Connecticut governor unveils legislation designed to curb healthcare costs

Connecticut Gov. Ned Lamont submitted a pair of bills to the state's Legislature that aim to reduce the cost of healthcare. 

The emphasis of the proposed legislation is on enhancing competition, eliminating unnecessary charges, reducing rising prices and increasing affordability for residents and employers, according to a Feb. 21 news release from the governor's office.

Together, the governor said the proposals would: 

  • Eliminate hospital facility fees charged at freestanding offices and clinics. 
  • Implement stronger regulatory enforcement tools at the Connecticut Office of Health Strategy to assure compliance with certificate of need requirements and related conditions of approval.
  • Commit Connecticut to joining a multistate bulk purchasing consortium to negotiate prescription drug discounts.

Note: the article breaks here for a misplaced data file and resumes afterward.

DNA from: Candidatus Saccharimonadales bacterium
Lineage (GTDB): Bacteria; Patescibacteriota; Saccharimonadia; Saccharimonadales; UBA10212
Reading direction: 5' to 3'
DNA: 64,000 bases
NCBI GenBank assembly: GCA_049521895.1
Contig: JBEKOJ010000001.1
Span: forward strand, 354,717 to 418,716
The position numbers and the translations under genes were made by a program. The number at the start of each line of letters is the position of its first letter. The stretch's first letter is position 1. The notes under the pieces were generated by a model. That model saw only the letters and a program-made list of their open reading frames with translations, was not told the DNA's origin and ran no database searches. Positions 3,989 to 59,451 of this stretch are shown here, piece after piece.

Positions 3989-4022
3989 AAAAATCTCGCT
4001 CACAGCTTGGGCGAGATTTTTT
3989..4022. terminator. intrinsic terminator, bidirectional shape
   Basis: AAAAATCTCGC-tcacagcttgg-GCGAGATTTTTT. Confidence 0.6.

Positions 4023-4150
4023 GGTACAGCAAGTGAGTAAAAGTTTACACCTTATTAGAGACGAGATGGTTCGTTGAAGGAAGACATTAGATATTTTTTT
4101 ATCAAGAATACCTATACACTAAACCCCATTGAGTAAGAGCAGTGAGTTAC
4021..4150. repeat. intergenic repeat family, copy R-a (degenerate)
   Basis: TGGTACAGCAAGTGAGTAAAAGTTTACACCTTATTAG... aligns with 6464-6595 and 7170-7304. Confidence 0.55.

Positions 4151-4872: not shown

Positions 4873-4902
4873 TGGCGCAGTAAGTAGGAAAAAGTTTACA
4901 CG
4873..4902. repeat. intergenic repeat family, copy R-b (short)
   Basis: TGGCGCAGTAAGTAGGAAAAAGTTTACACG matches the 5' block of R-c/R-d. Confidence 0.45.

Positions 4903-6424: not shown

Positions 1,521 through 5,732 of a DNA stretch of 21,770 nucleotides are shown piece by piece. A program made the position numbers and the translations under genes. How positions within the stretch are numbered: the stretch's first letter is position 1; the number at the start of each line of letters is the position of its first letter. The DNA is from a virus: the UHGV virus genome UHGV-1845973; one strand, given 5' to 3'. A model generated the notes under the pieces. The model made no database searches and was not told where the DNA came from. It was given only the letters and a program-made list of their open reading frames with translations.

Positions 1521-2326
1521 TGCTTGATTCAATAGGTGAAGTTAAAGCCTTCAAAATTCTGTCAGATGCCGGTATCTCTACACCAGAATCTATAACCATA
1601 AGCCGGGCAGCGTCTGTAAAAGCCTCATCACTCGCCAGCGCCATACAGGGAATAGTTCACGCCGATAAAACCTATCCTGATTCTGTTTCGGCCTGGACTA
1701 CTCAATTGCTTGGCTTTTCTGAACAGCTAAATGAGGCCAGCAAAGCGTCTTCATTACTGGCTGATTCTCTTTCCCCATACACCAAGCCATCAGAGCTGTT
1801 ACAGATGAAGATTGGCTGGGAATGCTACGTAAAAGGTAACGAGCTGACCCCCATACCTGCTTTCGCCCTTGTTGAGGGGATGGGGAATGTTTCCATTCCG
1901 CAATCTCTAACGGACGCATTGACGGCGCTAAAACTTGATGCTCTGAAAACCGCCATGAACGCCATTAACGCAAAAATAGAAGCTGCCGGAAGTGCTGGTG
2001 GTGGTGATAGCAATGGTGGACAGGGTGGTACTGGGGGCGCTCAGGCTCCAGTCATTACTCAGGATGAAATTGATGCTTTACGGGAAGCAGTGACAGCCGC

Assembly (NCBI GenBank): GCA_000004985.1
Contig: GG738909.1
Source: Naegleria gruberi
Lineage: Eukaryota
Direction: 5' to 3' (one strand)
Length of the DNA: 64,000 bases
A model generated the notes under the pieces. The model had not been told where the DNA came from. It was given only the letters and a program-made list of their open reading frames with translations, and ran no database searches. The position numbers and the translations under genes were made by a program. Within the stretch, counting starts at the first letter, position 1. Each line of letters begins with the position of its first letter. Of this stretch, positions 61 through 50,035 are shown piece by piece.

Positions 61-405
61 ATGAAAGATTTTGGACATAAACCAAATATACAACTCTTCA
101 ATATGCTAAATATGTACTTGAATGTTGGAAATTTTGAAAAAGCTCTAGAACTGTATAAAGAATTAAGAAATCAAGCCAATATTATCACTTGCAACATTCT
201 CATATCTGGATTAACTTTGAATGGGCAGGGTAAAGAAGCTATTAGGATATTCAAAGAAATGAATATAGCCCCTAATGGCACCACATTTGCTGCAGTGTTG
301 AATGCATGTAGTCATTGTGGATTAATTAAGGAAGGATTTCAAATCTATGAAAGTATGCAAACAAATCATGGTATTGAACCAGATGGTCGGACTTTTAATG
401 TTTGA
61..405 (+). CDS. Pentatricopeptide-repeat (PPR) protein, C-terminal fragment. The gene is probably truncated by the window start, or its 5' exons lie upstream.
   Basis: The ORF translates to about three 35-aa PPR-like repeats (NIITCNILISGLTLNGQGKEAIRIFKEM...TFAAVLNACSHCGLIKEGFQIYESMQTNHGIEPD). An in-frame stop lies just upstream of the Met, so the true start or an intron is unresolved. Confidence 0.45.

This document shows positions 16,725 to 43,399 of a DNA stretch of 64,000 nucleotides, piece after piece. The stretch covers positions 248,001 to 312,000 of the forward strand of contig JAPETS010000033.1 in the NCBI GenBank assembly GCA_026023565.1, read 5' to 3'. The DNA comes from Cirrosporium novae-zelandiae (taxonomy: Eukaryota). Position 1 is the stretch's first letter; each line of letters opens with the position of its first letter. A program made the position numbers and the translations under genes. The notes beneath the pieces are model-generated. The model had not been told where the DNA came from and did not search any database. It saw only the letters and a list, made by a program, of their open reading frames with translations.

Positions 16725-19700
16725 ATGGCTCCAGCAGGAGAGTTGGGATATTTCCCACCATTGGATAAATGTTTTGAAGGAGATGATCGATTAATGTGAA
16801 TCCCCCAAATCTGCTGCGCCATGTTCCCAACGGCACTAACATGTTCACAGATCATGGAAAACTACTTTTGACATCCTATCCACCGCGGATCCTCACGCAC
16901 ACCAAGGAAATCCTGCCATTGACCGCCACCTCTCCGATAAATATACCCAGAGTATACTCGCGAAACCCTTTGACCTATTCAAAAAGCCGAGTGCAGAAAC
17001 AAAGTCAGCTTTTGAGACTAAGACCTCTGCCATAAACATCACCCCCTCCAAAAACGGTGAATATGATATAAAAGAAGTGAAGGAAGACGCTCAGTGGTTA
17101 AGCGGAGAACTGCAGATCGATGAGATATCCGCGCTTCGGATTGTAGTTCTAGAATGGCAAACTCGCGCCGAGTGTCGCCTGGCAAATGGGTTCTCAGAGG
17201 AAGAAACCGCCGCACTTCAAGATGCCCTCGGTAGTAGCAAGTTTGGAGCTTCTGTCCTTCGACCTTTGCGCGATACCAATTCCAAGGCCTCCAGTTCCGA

• Require the Office of Health Strategy to annually publish a list of prescription drugs that are experiencing major price spikes.
  • Rein in aggressive marketing practices by pharmaceutical representatives.
  • Strengthen protections to ensure discounted prescription drugs purchased through the federal 340B program benefit the low-income patients the program was designed to help. 
  • Limit out-of-network costs for inpatient and outpatient hospital services to 100 percent of the Medicare rate for the same service in the same geographic area.
  • Prohibit the use of anti-competitive contracting practices health systems have used to impede competition and increase prices. 

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